The Trail: A Daily Diary of Campaign 2008


The Clickocracy

Who Needs a Sticker? Facebook Users Change Status to 'Voted'

By Jose Antonio Vargas
We are all witnesses now.

Because of online video, because of Twitter, because of Facebook updates and MySpace blogs and blogs in general, voting today becomes a collective virtual experience.

On Facebook's Election 2008 page, users are instructed to click an "I Voted" button to let their Facebook friends know that they made it to the polls. About 10 minutes ago, more than 939,223 people said they had voted. The tally is in real time, and thousands of Facebookers are added in seconds. It's 945,492 now. A few seconds later, it's 963,262. The count grows to 985,866 in less than 10 seconds.

Adam Segal, who lives in Maryland, told The Trail via Facebook chat: "I wonder what impact it has on people wavering on whether to vote. For people that have large extended networks of friends it could be even more powerful than the traditional "I Voted" sticker. Right now it's going up about 300 to 400 per second, perhaps faster."

Segal said he hasn't voted. He's planning to go this afternoon at his precinct in Silver Spring with his wife, two daughters and baby boy.

"It's nagging at me," he wrote while sitting at work. "I want to push that "I voted" button on Facebook!"

At 10:41 a.m. EST, the count is at 1,055,788.

Posted at 10:44 AM ET on Nov 4, 2008  | Category:  The Clickocracy
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Previous: At the End of an Extraordinary Ride | Next: NJ: Heavy Voting, Scattered Snags

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One Last Audacious Hope-

Pollsters ponder racial bias among U.S. voters - and in their own polls
By Kate Zernike Published: October 12, 2008
International Herald Tribune

Three weeks to Election Day, and polls project a victory, possibly a big one, for Barack Obama.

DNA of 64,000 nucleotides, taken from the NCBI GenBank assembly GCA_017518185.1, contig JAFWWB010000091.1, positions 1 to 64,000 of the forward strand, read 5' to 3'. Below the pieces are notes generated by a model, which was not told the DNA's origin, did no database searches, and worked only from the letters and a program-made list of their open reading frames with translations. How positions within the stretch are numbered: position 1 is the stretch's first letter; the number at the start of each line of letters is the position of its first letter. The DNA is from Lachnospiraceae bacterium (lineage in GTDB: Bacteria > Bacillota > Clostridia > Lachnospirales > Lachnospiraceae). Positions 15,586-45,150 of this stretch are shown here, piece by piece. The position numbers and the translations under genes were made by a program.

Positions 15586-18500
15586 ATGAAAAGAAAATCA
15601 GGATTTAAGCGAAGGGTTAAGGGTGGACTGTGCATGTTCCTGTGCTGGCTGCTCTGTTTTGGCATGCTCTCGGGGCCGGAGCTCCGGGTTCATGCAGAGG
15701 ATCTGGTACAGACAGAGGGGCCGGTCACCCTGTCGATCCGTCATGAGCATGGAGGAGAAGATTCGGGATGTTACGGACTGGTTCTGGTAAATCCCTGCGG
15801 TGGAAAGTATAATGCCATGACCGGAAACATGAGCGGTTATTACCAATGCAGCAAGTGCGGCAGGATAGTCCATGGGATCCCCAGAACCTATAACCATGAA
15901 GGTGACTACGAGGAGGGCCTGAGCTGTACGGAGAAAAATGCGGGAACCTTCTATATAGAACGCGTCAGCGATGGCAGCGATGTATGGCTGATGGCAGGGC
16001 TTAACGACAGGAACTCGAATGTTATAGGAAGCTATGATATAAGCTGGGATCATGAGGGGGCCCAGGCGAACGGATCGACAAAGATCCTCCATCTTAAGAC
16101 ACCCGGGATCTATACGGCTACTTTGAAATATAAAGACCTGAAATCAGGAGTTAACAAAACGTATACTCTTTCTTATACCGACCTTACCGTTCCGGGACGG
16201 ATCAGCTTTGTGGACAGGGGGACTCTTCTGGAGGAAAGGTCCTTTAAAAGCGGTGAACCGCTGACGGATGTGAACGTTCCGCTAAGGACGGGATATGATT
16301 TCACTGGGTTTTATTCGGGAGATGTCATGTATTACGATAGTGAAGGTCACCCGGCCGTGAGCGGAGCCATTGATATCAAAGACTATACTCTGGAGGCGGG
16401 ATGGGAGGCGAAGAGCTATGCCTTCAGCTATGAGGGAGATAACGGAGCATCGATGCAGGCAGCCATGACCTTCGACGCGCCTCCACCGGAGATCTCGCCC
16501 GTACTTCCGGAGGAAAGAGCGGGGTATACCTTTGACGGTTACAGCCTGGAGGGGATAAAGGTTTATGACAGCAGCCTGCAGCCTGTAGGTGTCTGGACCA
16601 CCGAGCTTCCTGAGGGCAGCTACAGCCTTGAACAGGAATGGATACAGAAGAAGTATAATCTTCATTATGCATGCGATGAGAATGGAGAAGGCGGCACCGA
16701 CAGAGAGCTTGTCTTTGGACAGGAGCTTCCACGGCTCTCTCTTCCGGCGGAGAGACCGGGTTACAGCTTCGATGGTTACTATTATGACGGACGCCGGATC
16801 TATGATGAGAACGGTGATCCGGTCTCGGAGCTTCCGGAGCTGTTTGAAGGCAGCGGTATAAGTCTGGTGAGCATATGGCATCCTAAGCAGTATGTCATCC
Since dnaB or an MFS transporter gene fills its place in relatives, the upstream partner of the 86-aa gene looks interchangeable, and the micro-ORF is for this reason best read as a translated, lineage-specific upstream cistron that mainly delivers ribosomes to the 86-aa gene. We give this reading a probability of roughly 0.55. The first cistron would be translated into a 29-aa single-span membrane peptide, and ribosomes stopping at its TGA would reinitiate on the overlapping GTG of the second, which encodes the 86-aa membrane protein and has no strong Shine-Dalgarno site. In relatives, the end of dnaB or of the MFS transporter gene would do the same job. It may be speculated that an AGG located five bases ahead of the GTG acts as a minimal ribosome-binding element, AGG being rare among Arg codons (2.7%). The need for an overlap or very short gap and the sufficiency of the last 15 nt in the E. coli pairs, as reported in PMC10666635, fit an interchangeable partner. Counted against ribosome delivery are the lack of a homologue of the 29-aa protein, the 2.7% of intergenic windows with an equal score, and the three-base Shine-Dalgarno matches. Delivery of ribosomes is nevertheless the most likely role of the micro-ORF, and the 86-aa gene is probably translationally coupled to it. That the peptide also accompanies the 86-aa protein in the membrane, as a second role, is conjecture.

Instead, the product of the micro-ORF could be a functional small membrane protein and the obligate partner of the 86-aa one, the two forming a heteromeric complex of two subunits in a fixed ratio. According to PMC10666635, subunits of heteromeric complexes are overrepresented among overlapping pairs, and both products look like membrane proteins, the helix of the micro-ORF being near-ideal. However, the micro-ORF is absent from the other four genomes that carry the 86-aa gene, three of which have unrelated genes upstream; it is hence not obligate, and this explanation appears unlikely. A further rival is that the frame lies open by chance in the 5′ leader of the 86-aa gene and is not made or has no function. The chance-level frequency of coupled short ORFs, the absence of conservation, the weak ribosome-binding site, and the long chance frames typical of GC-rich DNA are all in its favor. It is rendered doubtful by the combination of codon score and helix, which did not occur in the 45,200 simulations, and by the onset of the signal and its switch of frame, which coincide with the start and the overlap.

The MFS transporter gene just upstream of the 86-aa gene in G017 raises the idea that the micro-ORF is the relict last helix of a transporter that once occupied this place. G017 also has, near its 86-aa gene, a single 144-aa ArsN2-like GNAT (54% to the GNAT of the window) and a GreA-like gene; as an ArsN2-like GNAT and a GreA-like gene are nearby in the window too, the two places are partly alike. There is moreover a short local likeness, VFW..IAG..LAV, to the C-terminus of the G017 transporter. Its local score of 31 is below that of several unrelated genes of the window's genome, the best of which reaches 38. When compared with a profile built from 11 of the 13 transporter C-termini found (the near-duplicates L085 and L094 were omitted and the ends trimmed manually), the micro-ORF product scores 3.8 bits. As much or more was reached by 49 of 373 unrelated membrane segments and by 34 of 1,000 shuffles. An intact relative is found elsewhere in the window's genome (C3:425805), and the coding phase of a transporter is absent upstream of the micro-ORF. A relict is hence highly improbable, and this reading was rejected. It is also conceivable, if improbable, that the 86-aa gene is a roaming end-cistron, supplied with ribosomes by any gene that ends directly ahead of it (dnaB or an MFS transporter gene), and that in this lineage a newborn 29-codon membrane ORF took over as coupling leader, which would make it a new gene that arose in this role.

Yet everywhere, anxious Democrats wring their hands. They have seen this Lucy-and-the-football routine before, and they are just waiting for their ball to be snatched away, the foiled Charlie Browns again. Remember how the exit polls in 2004 predicted President John Kerry?

The anxiety is more acute this year, because Obama is the first African-American major-party presidential nominee. And even pollsters say they cannot be sure how accurately polls capture people's feelings about race, or how forthcoming Americans are in talking about a black candidate.

In recent days, nervous Obama supporters have traded worry about a survey - widely disputed by pollsters yet voraciously consumed by the politically obsessed - that concluded racial bias would cost Obama six percentage points in the final outcome. He is, of course, about six points ahead in current polls. See? He's going to lose.

If he does, it would not be the first time that polls have overstated support for an African-American candidate. Since 1982, people have talked about the Bradley effect, where even last-minute polls predict a wide margin of victory, yet the black candidate goes on to lose, or win in a squeaker. (In the case that lent the phenomenon its name, Tom Bradley, the mayor of Los Angeles, lost his race for governor, the assumption being that voters lied to pollsters about their support for an African-American.)

Kohut conducted a study in 1997 looking at differences between people who readily agreed to be polled and those who agreed only after one or more call-backs. Reluctant participants were significantly more likely to have negative attitudes toward blacks - 15 percent said they had a "very favorable" attitude toward them, as opposed to 24 percent of the ready respondents. "The kinds of people suspicious of surveys are also more intolerant," Kohut said.

Posted by: thecannula | November 4, 2008 11:43 AM

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